New research has made “a compelling case” that providing flexible working can enable employers to increase their recruitment and retention of disabled people with energy-limiting health conditions.
The Making Employment Work for People with Long-Term Conditions report, due to be published today (Thursday), is based on a survey* of more than 400 disabled people, most of them with energy-limiting conditions.
The results highlight how “pushing through fatigue” makes the health of people with energy-limiting conditions worse and increases the likelihood that they will leave the workforce permanently.
The survey results also show that the most common “fear factor” about re-entering the workplace after developing a chronic illness is “not knowing how many hours of work they could safely undertake without causing their health to deteriorate”, selected by 66 per cent of respondents.
Another major barrier to work is the failure of employers and managers to understand “the realities of long term health conditions”, the report says.
The lack of accessible jobs that take account of reduced capacity for work – such as providing flexible hours or work location – is another key barrier.
The survey found that “flexible working solutions” were “the most common form of workplace adjustment” needed by those who responded, by “a large margin”.
The report by disability charity Astriid calls on the government to commission specialist employment support services for people with long-term conditions that are “informed by knowledge of energy-limiting conditions”.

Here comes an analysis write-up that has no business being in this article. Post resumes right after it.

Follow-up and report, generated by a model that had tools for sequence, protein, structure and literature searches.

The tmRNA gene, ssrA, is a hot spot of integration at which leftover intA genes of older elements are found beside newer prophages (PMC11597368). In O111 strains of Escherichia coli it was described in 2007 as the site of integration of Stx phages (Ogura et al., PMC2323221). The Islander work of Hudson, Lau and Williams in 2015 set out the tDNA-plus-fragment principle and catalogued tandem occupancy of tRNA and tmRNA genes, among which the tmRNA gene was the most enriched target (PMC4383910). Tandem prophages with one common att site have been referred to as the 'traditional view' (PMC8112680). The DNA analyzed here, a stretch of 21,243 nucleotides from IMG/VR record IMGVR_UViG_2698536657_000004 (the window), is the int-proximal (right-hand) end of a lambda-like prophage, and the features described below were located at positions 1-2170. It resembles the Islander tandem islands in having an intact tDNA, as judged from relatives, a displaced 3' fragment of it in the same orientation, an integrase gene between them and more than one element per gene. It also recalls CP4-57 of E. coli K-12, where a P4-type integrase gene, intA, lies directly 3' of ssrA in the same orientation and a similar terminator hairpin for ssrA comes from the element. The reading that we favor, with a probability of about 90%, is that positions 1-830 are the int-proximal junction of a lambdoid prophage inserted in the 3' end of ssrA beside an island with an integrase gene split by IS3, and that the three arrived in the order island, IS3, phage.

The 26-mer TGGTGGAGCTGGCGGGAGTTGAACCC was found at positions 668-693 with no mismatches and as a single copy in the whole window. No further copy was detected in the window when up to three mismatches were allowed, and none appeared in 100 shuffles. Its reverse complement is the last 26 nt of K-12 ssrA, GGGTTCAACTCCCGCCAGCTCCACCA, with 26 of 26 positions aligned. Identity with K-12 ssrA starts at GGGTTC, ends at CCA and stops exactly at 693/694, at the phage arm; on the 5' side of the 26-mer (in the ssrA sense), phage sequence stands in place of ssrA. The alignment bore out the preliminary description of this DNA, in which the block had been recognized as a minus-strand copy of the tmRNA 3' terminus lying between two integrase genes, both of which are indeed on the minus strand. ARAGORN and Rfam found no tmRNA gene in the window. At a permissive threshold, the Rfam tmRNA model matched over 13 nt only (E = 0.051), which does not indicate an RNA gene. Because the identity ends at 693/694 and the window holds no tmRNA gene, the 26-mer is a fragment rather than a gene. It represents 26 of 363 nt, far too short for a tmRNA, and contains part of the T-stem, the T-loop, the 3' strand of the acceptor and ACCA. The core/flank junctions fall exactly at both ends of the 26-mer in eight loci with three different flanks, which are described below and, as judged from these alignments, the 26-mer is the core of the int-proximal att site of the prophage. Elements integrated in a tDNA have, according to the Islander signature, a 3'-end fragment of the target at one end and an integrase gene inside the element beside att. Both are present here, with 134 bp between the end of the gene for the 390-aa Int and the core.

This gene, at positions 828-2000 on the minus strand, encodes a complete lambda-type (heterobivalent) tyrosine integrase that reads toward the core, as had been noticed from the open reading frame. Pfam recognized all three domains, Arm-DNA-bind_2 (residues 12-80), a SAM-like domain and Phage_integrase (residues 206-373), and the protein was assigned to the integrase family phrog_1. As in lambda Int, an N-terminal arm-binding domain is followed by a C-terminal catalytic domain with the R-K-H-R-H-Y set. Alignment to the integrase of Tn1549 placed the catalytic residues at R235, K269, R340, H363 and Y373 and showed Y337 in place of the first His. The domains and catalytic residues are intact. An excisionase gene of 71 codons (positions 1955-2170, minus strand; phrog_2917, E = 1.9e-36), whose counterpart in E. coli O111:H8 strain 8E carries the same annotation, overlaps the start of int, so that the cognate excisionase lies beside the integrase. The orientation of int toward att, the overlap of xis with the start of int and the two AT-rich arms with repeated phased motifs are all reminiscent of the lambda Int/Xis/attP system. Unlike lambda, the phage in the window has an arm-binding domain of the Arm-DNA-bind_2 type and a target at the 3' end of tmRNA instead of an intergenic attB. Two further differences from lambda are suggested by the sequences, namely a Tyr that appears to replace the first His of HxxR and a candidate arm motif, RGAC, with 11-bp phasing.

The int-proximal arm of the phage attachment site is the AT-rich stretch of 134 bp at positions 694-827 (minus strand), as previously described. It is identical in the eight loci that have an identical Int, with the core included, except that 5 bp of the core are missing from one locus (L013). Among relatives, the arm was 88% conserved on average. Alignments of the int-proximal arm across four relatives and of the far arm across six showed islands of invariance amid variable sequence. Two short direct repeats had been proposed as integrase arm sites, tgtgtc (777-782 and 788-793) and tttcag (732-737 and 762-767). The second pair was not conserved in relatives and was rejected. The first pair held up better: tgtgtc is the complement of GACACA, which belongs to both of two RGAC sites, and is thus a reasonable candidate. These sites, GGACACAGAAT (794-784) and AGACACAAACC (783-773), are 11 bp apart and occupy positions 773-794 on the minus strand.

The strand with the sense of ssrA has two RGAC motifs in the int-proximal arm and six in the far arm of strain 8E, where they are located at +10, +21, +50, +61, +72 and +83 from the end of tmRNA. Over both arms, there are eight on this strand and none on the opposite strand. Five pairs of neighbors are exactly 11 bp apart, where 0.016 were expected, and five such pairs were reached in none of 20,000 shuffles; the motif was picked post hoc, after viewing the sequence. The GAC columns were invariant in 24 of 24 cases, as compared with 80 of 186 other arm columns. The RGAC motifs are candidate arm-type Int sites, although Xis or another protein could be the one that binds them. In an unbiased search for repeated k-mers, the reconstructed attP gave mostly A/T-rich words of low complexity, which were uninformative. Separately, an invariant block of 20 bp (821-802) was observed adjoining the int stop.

Of those surveyed, 98 per cent said fatigue and/or limited energy due to their impairment limited their ability to work, while 92 per cent believed they had skills that could be of value to an employer if a suitable job was available, while half (48 per cent) had left their previous job because the working conditions caused their health to deteriorate, and 84 per cent said they needed to work from home.
Astriid, which provides support and consultancy around employment of people with long-term conditions, says more than 2.5 million people in the UK are excluded from work due to such conditions.
Many of those who run Astriid have long-term health conditions themselves.
Catherine Hale (pictured), head of Astriid Consulting, who has an energy-limiting impairment, said: “Despite Astriid’s bespoke and valued support, we need more help and support from UK employers and we are therefore calling on them to facilitate more job opportunities with part-time, flexible hours and the ability to work from home.
“These factors should be clearly stated in job advertisements at the earliest opportunity.”
*Of the 419 survey responses, 414 said they had an energy-limiting condition and/or identified “limited energy or fatigue” as a health-related barrier to them accessing work, while 96 per cent considered themselves to be disabled people
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